Why Does My Ear Hurt?

As an Ear Nose and Throat doctor it certainly seems reasonable that I would have patients coming in to my office because of pain in the ear.  And it is certainly a common problem.  Most of us assume that the sensation of an earache automatically means there is an underlying ear infection.  While ear infections are often seen and certainly can cause pain I wanted to take some time to talk about many other factors that can cause pain that ear region that may not have anything to do with infection.

First of all a little anatomy discussion is helpful.  The ear itself can be divided into an outer ear that sticks out from your face and includes the ear canal, then a middle ear which is the air pocket behind the eardrum that connects to the nose, then the inner ear which is in the skull where nerve endings of hearing and balance are located.  When we talk about pain however we need to look at the different nerves that go from these 3 ear parts to the brain that supply the feeling of sensation. It is only through this type of sensory nerve that are brain says that somewhere around our ear hurts.

The reason that this is important is that there literally nerves coming from the brain to the ear from several locations.  For example one large nerve coming from between the first and second cervical vertebra (C1–C2) goes up from the neck right into the ear.  Many people are aware that a pinched nerve a low in the neck can cause pain shooting down the arm but a pinched nerve high in the neck feels like it is right in your ear.  Very frequently in people older than age 50 ear pain is due to arthritis muscle spasm or misalignment of vertebra in the upper neck.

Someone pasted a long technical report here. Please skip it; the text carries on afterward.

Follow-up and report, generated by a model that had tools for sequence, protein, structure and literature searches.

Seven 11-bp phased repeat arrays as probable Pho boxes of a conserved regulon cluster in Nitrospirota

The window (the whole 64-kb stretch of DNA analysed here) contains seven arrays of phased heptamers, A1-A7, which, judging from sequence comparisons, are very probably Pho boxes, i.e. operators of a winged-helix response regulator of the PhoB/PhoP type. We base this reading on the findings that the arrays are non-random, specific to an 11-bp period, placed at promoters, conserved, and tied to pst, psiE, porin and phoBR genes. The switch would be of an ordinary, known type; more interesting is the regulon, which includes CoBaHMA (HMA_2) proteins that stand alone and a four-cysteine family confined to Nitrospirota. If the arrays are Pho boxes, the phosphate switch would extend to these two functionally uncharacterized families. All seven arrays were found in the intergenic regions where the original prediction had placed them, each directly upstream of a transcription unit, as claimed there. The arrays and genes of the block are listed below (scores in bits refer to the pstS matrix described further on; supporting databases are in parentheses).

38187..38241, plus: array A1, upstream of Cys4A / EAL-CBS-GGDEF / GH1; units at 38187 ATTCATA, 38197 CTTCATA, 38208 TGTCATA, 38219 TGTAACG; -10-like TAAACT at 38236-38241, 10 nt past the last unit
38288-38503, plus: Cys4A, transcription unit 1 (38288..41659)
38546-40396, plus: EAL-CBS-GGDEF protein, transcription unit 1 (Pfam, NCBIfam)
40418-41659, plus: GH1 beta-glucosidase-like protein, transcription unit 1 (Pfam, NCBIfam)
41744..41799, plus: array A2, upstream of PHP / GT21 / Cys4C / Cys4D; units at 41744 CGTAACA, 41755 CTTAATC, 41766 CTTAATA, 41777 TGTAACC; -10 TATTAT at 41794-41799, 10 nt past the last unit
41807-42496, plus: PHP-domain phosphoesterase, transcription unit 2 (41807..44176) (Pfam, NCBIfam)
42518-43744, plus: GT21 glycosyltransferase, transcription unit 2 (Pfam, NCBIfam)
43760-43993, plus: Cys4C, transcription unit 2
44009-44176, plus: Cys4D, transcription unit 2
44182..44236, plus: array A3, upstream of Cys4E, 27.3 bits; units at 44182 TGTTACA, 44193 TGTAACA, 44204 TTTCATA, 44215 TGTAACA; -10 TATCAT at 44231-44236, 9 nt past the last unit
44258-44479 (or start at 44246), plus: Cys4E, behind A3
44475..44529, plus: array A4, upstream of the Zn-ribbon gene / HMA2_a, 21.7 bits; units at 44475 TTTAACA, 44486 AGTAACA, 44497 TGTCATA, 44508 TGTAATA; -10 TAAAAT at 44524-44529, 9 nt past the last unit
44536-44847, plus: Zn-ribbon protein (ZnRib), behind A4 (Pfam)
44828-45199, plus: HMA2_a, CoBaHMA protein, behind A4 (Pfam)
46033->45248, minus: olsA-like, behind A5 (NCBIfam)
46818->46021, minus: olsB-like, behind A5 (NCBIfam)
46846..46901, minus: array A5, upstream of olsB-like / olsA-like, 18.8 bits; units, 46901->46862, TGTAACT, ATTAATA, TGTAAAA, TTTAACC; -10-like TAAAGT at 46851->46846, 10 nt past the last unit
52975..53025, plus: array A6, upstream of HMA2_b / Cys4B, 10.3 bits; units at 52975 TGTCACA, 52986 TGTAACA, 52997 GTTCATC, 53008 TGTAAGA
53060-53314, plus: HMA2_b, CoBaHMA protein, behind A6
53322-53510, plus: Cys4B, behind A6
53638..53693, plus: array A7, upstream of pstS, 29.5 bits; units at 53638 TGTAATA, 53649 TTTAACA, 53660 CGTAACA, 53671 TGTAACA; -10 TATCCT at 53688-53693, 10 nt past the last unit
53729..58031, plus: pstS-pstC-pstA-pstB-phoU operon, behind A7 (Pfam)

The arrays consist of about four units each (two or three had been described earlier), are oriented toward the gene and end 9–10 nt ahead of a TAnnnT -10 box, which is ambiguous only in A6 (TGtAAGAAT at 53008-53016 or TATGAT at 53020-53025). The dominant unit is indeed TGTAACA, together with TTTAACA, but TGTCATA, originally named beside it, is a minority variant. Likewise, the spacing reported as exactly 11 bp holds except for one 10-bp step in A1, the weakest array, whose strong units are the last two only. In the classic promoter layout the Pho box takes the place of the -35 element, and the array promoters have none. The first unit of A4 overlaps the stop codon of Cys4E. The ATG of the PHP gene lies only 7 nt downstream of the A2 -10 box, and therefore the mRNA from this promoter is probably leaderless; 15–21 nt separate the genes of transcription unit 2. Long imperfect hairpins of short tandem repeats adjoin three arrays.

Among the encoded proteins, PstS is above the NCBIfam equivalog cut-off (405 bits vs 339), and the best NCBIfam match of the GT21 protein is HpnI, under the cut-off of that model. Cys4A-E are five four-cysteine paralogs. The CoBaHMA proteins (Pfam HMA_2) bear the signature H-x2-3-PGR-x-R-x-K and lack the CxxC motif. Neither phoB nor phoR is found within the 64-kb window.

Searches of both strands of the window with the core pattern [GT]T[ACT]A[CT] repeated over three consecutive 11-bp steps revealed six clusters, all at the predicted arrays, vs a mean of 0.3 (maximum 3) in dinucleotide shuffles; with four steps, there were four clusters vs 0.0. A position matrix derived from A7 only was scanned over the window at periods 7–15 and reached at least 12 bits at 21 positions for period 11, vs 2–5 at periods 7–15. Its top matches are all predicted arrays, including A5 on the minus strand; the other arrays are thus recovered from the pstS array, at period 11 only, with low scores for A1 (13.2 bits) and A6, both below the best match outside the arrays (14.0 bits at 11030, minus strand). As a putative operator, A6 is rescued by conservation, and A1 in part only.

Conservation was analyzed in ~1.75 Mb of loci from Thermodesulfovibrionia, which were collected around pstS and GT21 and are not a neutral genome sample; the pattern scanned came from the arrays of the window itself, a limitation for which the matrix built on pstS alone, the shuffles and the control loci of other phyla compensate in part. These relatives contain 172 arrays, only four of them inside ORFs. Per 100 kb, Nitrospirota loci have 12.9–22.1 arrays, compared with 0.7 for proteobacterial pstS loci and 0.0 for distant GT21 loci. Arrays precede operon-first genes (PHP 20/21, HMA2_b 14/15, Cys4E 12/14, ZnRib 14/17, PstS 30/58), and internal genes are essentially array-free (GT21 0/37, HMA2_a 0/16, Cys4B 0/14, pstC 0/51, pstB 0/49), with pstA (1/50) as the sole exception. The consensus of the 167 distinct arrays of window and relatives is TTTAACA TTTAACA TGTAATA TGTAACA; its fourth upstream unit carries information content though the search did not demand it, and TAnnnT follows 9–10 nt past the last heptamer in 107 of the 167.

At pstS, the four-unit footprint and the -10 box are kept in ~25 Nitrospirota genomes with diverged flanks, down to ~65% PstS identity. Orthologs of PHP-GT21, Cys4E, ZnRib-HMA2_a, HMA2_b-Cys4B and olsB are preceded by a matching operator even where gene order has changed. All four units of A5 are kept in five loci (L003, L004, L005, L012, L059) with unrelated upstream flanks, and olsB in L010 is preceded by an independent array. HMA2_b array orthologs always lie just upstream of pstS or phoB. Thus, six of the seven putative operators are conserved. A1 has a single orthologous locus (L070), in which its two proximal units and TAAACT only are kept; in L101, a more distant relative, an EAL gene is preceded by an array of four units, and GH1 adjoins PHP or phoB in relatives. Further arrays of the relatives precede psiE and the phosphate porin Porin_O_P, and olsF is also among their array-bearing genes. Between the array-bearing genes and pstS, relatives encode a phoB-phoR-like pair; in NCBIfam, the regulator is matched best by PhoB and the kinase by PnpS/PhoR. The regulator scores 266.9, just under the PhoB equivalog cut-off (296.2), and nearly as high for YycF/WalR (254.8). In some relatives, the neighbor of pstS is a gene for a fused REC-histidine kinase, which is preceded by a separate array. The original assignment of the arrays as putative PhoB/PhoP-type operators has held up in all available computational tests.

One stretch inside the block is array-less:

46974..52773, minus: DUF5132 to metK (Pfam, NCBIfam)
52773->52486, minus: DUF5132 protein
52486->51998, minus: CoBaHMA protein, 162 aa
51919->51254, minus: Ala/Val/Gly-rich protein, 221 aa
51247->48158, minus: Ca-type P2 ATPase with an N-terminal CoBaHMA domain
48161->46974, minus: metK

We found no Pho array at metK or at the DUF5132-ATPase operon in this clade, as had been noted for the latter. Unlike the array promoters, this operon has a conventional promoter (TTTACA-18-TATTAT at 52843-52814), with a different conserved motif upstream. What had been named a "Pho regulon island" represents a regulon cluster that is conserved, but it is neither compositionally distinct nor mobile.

Many of us have heard the term TMJ.  It essentially means the jaw joint (temporo-–mandibular joint). It is important to realize that the front wall if the ear is this very complex joint.  Arthritis, muscle spasm or damage to the cartilage disc in the joint all can be painful and all can be interpreted as coming from your ear.

One large area of nerve supply from the ear to the brain also is a nerve supplying sensation for most of the throat.  A throat infection such as strep or tonsillitis may start as ear pain.  Even problems or in the throat such as around the voice box may present as ear pain first.

Certainly common problems such as infection of the outer ear canal like swimmers ear or of the air pocket behind the eardrum (otitis media, which is usually meant by ear infection) will make someone’s ear hurt.  But so many other problems are there that could be the source of the pain that need to be considered, especially before just getting a round of antibiotics and antihistamines.